Feb 27th, 2024, 04:00 PM

Advantages of Fiber in Your Diet

By Áine Friel
Carrot, edamame, quinoa, and roasted bell pepper stir fry with an egg and mackerel fish. Image Credit: Áine Friel
The Advantages of fiber and how to include it in your diet

In our fast-paced lives, where convenience often trumps nutrition, fiber remains a cornerstone of a healthy diet that is frequently overlooked. But what exactly is fiber, and why is it so crucial for our health? Your diet has a massive impact on your overall well-being, and simple changes, such as increasing the amount of fiber in your diet, have more significant advantages than just making your bathroom time easier. 

Fiber is a critical component in maintaining a healthy diet. Dietary fiber is described as: “The edible parts of plants, or similar carbohydrates, that are resistant to digestion and absorption in the small intestines." Unknown to many, fiber helps aid digestion and further decreases the risk of many common health conditions. Some of these conditions include obesity, type 2 diabetes, cancer, and cardiovascular disease. The Food and Drug Administration (FDA) claims, “An increased consumption of dietary fiber from fruits, vegetables and whole grains may reduce some types of cancers.” Furthermore, the FDA also claims, “Diets low in saturated fat and cholesterol and high in fruits, vegetables and whole grain, have decreased risk of leading to coronary heart disease.” 

Pasta Salad with carrots, red beans, corn, and edamame. Image Credit: Áine Friel

Scientists have categorized four types of fibers: dietary fiber, added fiber, soluble fiber, and insoluble fiber. Dietary fiber is found in fruits and vegetables. Added fiber is added to foods by manufacturers for beneficial effects. Soluble fibers are digestible and broken down when in contact with water. Insoluble fibers are non-digestible fibers that cannot be broken down when in contact with water. Some examples of soluble fiber include quinoa, oats, and psyllium husk. Some examples of insoluble fiber include nuts, potatoes, and whole wheat flour. All of these fibers are important for gut health and supporting your microbiome.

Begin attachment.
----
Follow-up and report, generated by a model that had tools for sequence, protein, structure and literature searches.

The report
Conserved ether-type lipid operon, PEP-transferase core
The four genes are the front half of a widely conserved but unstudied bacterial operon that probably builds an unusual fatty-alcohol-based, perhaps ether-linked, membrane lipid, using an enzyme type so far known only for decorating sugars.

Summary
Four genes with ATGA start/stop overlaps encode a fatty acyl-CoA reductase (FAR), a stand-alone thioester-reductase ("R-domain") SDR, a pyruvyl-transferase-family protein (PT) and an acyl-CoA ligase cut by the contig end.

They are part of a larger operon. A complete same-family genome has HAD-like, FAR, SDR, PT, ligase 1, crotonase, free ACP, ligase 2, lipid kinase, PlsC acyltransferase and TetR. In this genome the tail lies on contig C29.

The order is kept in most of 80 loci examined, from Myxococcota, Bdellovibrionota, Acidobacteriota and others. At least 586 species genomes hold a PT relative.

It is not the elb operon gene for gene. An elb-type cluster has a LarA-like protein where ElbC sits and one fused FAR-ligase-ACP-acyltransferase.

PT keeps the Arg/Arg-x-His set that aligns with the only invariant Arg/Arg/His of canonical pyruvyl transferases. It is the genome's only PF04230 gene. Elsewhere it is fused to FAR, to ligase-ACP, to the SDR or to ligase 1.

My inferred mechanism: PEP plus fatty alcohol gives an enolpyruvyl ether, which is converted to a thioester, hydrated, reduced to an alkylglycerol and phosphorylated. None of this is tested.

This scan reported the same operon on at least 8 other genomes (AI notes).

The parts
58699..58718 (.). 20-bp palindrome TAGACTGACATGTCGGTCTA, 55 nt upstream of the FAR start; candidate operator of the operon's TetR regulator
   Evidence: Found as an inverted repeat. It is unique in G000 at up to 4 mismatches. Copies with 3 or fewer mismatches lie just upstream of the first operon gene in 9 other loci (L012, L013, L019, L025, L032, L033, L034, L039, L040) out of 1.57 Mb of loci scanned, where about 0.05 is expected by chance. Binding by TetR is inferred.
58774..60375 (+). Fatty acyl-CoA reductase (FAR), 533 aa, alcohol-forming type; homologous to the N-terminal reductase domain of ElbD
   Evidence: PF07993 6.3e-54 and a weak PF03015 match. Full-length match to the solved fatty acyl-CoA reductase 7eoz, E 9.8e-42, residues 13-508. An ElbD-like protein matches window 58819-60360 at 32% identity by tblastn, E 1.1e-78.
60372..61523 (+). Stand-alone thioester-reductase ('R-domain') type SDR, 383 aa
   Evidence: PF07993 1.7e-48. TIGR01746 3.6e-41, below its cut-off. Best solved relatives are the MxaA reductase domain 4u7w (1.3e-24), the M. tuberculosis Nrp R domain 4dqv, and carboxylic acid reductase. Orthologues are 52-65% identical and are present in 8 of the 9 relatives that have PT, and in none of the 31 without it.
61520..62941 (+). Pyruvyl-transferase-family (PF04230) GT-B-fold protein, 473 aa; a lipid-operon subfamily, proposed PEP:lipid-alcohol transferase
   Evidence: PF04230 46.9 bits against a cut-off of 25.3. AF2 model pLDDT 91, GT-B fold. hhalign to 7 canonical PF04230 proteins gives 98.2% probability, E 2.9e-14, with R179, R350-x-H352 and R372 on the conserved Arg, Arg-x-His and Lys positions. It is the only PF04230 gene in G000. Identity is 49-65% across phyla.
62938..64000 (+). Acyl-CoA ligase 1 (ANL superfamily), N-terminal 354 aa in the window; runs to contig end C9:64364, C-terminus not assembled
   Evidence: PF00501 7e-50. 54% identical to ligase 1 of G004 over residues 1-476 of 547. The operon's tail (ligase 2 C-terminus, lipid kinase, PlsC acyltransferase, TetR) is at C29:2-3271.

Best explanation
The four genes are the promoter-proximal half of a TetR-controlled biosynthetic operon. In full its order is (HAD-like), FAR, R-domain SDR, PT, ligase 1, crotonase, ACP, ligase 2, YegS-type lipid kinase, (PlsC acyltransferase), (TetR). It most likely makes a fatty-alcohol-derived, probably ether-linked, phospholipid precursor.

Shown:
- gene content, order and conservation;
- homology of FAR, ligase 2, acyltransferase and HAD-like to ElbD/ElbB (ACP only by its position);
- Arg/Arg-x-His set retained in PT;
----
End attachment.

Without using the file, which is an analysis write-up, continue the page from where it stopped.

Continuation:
Fiber contains abundant vitamins, minerals, and energy that help aid digestion, creating a happy body and happy stool life :). Now, you may ask yourself: What foods have the highest fiber content? How much fiber is a good amount to eat in a day? Can you only get fiber from fruits and vegetables? Although fiber is primarily thought to only be found in your fruits and veggies, it is also found in nuts, lentils, oats, seeds, beans, etc.. Because of this, vegetarian and vegan meals are typically very high in fiber and contain a lovely amount of nutrients to keep your energy levels high and feeling satisfied throughout the day. It is said that anywhere between 25-30 grams of fiber a day is a sweet spot for maintaining a healthy balance within your body.

Chicken curry with mango, lime, zucchini, and yellow onions. Image Credit: Áine Friel

With that being said, here is a list of the top ten most fiber-rich foods and their recommended portion sizes.

1. Coming up at number one are Chia seeds. They contain 9.75 grams of fiber per ounce.

2. There is 16.5 grams of fiber per 1 cup of oats.

3. You can get 14.5 grams of fiber per 100 grams of air-popped popcorn (I know! I thought this was crazy too).

4. There is 13.3 grams of fiber in 100 grams of almonds.

5. There is 13.1 grams of fiber per 1 cup of lentils.

6. There is 12.5 grams of fiber per 1 cup of cooked chickpeas.

7. There is 10.6 grams of fiber per 100 grams of pistachios.

8. There is 9 grams of fiber per 100 grams of fresh coconut.

9.  There is cooked is 8.7 grams of fiber per 100 grams of cooked black beans.

10. Lastly, we have 8.6 grams of fiber per 100 grams of sunflower seeds.

Remember, these are just the top 10, there are so many more fibrous foods that you can add to your meals!

Fiber is easier to include in your diet than you think! Throwing together a simple bowl of edamame, roasted chickpeas, pistachios, quinoa, tomatoes, and avocado, topped with a lemon tahini dressing, already satisfies most of your daily dose of fiber. You can mix up your salads to cater to your own favorite fiber-rich foods. Though, fiber does not just come in the form of salads; you can add them on the side of your favorite meals too! Salmon and rice with a side of peas and carrots already boosts your recipe to a more fibrous meal. It’s simple additives like this that help you hit your daily recommended fiber target!